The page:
We tend to think of arthritis as a disease of old age, brought on by wear-and-tear on our joints that accumulates over time. In reality though, that’s only true of some forms of the disease, such as osteoarthritis. Other kinds of arthritis can take effect when you’re still quite young, and have different causes — though they’re just as painful.
American professional golfer Phil Mickelson learned this the hard way. While the then-39-year-old was preparing for the 2010 US Open, his joints began aching. Though he felt pain in disparate parts of his body — hands, ankles — Mickelson initially attributed his discomfort to a lifetime of golfing. Then two days before the Masters, Mickelson woke up in so much pain that he couldn’t get out of bed or walk. With intense, dry, burning pain in virtually all of his joints, the golfer visited a rheumatologist. When his lab results came in, Mickelson learned he had psoriatic arthritis (PsA).
PsA is genetic, though it’s not clear exactly what triggers its onset. Roughly one-third of people who have psoriasis (the rash caused when skin rapidly grows extra layers) will develop PsA, but some people who develop PsA don’t have outwardly visible symptoms. While the disease cannot be cured, PsA can be treated. Due to the sudden and severe onset of his symptoms, Mickelson’s doctors chose to skip more conservative treatments and prescribed the drug Enbrel (Etanercept). The drug worked for Mickelson, who has since become an Enbrel spokesperson, appearing in their U.S. commercials and featuring the company on his educational PsA and joint pain website.
The pain from PsA can be debilitating, whether you’re trying to get back on the golf course or you just want to get out of bed. Despite this, many patients are hesitant to use Enbrel. Health Canada has issued several advisories about adverse events that have occurred with the drug, and in the U.S. the FDA has added a “black box” warning to the drug’s packaging. Autoimmune diseases like PsA come about because the body’s immune response is overaggressive. Enbrel works by interfering with immune response, specifically with a cytokine called tumor necrosis factor. When it is effective, the drug can ‘check’ the body’s level of immune response. What regulatory agencies and researchers have found, however, is that by interfering with immune response, Enbrel can act as an immunosuppressant. When the body isn’t able to properly defend itself, risks of new infections and problems caused by preexisting conditions increase.
If that gives you pause, it’s worthwhile to take the time to research all of the potential treatments for arthritic joint pain. Regenerative medicine is the newest frontier in treating PsA and other forms of arthritis. In regenerative medicine, the body’s own cells — literally, your body’s own cells — are used to help encourage healing. Researchers have found that injections directly into the joints impacted by arthritis have been found can help relieve pain, decrease inflammation, and potentially encourage healing.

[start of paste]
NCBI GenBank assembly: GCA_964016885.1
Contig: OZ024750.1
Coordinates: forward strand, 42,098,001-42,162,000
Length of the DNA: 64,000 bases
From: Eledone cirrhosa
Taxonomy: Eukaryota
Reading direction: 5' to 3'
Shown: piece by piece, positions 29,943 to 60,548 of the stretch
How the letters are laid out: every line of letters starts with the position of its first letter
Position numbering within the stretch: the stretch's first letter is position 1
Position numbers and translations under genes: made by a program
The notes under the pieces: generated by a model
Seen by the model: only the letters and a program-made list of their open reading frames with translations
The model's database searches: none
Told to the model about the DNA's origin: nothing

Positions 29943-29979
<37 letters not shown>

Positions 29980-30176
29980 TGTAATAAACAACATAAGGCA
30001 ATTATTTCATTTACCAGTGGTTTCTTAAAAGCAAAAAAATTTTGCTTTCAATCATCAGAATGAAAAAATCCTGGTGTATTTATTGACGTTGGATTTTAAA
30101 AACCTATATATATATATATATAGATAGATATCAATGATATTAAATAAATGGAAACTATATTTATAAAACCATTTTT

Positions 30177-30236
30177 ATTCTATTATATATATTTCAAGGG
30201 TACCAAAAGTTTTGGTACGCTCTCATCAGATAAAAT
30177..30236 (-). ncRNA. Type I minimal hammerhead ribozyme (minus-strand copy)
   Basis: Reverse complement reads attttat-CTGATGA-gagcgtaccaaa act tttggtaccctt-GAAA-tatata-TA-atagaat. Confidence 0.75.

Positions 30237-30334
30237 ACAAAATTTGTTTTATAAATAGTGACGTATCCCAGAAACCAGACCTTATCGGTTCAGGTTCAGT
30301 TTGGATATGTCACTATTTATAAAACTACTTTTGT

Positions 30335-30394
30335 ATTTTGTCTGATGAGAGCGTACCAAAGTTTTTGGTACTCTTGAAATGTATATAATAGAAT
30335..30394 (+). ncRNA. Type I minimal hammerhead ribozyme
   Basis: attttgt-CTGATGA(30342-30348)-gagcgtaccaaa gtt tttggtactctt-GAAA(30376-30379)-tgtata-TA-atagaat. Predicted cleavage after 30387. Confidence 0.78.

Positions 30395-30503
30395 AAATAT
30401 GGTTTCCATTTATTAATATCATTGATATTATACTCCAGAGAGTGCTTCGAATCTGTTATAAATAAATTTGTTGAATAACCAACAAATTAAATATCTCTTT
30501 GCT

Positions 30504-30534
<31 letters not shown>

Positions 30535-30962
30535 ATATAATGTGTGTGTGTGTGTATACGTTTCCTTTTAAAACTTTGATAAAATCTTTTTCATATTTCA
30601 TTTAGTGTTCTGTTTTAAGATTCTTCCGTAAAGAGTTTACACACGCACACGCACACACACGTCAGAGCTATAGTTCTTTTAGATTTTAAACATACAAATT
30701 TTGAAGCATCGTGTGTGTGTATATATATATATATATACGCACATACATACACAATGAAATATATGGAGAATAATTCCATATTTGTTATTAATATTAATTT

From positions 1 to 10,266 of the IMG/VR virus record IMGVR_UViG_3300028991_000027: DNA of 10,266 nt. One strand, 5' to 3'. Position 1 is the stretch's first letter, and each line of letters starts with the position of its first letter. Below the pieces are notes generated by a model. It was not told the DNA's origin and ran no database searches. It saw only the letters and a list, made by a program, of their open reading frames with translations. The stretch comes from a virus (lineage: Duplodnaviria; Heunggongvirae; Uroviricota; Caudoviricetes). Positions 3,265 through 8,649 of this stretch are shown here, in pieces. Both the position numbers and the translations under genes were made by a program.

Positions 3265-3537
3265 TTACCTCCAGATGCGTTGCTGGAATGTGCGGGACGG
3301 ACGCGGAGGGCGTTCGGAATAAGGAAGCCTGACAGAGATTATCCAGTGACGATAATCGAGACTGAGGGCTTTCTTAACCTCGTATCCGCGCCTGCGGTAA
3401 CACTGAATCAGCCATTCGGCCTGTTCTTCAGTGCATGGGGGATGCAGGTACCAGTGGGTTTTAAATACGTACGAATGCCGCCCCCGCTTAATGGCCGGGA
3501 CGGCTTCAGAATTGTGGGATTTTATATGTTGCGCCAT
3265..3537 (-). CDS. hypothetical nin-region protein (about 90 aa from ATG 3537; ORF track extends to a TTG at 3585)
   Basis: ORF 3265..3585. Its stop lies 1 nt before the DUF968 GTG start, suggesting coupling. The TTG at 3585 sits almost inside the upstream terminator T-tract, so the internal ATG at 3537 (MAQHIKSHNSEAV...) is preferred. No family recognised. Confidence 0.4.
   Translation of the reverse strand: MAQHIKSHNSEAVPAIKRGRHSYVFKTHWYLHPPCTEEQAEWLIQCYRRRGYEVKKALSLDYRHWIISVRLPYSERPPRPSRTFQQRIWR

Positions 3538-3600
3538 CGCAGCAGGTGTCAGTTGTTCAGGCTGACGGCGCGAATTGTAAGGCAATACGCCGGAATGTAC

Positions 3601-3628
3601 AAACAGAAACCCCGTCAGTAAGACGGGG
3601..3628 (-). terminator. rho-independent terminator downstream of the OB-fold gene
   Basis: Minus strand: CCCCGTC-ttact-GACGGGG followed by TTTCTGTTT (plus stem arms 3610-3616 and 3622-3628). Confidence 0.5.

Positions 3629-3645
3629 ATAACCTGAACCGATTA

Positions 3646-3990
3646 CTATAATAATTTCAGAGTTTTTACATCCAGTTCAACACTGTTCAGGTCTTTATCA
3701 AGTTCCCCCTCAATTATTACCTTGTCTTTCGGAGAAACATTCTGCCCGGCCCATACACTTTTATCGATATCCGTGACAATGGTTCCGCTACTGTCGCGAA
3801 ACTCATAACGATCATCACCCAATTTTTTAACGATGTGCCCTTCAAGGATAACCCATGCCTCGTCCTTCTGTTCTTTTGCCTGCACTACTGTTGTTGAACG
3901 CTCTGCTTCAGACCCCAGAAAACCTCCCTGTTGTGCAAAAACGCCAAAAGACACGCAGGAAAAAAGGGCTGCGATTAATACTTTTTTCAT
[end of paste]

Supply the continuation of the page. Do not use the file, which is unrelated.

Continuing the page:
One type of regenerative therapy offered at the Spine Institute Northwest is platelet-rich plasma (PRP) injections. Platelets are the cells in your blood that help your body initiate the repair process when you are injured; they’re like the first responders in a crisis. Platelets prevent bleeding by clotting, and release growth factors to attract the stem cells necessary to create new tissue and spur healing. For PRP injections, a sample of your own blood is drawn and put in a centrifuge to separate out and concentrate the platelets. The resulting PRP is injected right into the area needing repair (for example, the shoulder or ankle joint). It can take a few weeks to notice improvement because tissue regeneration takes time, but benefits can be long lasting once healthy tissue has taken hold.
Stem cell therapy is another type of regenerative therapy that can be used to naturally stimulate healing. As with PRP, stem cells are harvested right from your own body, and injected directly at the site of injury. Stem cells can replicate the cells they come into contact with, bolstering the number of healthy cells to help replace injured ones. We all have stem cells throughout our bodies, but when we get older or injuries get overwhelming (for example, when a disease like PsA affects many joints at once), our body doesn’t always have enough stem cells. Stem cell therapy can help get more stem cells where they’re needed most. Research on joint damage has shown that stem cells harvested from bone and injected into the injured joint can encourage the growth of healthy cartilage and relieve pain. If you’re concerned about the potential dangers and side effects of drugs, what better way to stimulate healing than by employing your body’s own natural growth factors?
Arthritis affects approximately 4 million Canadians. If you’re one of them, make sure you know about all of the treatment options that are available for managing your symptoms. To learn more about regenerative therapies from the Spine Institute Northwest, and our concierge service just for Canadian patients, call us today at 888-712-0318!